The relative color syntax defines a number of color-channel keywords, each of which represents the value of the color channel as a <number> (see Channel values resolve to <number> values for more information). The calc() function can use these color-channel keywords to perform dynamic adjustments on the color channels, for example, calc(r + 10).

Formal syntax

<calc()> = 
calc( <calc-sum> )

<calc-sum> =
<calc-product> [ [ '+' | '-' ] <calc-product> ]*

<calc-product> =
<calc-value> [ [ '*' | '/' ] <calc-value> ]*

<calc-value> =
<number> |
<dimension> |
<percentage> |
<calc-keyword> |
( <calc-sum> )

<calc-keyword> =
e |
pi |
infinity |
-infinity |

Accessibility concerns

When calc() is used for controlling text size, be sure that one of the values includes a relative length unit, for example:

h1 {
  font-size: calc(1.5rem + 3vw);

This ensures that text size will scale if the page is zoomed.


Positioning an object on screen with a margin

calc() makes it easy to position an object with a set margin. In this example, the CSS creates a banner that stretches across the window, with a 40-pixel gap between both sides of the banner and the edges of the window:

.banner {
  position: absolute;
  left: 40px;
  width: calc(100% - 80px);
  border: solid black 1px;
  box-shadow: 1px 2px;
  background-color: yellow;
  padding: 6px;
  text-align: center;
  box-sizing: border-box;
<div class="banner">This is a banner!</div>

Automatically sizing form fields to fit their container

Another use case for calc() is to help ensure that form fields fit in the available space, without extruding past the edge of their container, while maintaining an appropriate margin.

Let's look at some CSS:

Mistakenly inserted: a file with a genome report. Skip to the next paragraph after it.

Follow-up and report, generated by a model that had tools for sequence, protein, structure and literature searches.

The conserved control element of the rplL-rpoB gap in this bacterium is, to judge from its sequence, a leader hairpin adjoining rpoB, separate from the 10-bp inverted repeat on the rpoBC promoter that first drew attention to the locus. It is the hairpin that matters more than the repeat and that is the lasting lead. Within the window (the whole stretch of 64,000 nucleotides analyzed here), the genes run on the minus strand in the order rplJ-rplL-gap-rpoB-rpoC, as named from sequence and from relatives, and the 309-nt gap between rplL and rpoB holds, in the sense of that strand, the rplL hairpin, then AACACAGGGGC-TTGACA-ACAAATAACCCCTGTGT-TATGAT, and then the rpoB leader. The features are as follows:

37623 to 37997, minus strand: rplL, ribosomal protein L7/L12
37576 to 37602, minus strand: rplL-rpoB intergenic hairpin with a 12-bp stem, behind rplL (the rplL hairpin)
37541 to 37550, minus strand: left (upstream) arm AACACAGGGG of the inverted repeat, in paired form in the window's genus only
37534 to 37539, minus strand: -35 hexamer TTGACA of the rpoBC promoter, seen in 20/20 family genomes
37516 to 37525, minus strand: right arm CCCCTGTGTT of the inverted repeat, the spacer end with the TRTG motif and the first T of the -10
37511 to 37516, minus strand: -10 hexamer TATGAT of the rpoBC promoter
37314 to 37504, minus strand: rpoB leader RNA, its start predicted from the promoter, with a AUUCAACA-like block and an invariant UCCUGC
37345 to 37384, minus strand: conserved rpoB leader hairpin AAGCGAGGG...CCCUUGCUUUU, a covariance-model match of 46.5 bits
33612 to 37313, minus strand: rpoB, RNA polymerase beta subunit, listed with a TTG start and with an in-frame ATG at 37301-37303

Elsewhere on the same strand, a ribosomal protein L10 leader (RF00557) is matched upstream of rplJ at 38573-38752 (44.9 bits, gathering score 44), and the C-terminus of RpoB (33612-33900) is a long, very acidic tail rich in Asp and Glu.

input {
  padding: 2px;
  display: block;
  width: calc(100% - 1em);

#form-box {
  width: calc(100% / 6);
  border: 1px solid black;
  padding: 4px;

Here, the form itself is established to use 1/6 of the available window width. Then, to ensure that input fields retain an appropriate size, we use calc() again to establish that they should be the width of their container minus 1em. Then, the following HTML makes use of this CSS:

  <div id="form-box">
    <label for="misc">Type something:</label>
    <input type="text" id="misc" name="misc" />

Nesting with CSS variables

You can use calc() with CSS variables. Consider the following code:

.foo {
  --widthA: 100px;
  --widthB: calc(var(--widthA) / 2);
  --widthC: calc(var(--widthB) / 2);
  width: var(--widthC);

After all variables are expanded, widthC's value will be calc(calc(100px / 2) / 2). When it's assigned to .foo's width property, all inner calc() functions (no matter how deeply nested) will be flattened to just parentheses. Therefore, the width property's value will eventually be calc((100px / 2) / 2), which equals 25px. In short, a calc() inside of a calc() is identical to using parentheses.

Adjusting color channels in relative colors

The calc() function can be used to adjust individual color channels in relative colors without the need for storing color channel values as variables.

In the example below, the first paragraph uses a <named-color>. In the paragraphs that follow, calc() is used with the rgb() and hsl() functions to adjust the values of each color channel relative to the original named color.

<p class="original">Original text color in rebeccapurple</p>
<p class="increase-hue">Hue increased by 80</p>
<p class="increase-lightness">Lightness increased by 20</p>
<p class="decrease-lightness">Lightness decreased by 10</p>
.original {
  color: rebeccapurple;

.increase-hue {
  color: lch(from rebeccapurple l c calc(h + 80));

.increase-lightness {
  color: lch(from rebeccapurple calc(l + 20) c h);

.decrease-lightness {
  color: lch(from rebeccapurple calc(l - 10) c h);

For another example of using the calc() function to derive relative colors, see the Using math functions section on the Using relative colors page.


CSS Values and Units Module Level 4
# calc-func

Browser compatibility

BCD tables only load in the browser

See also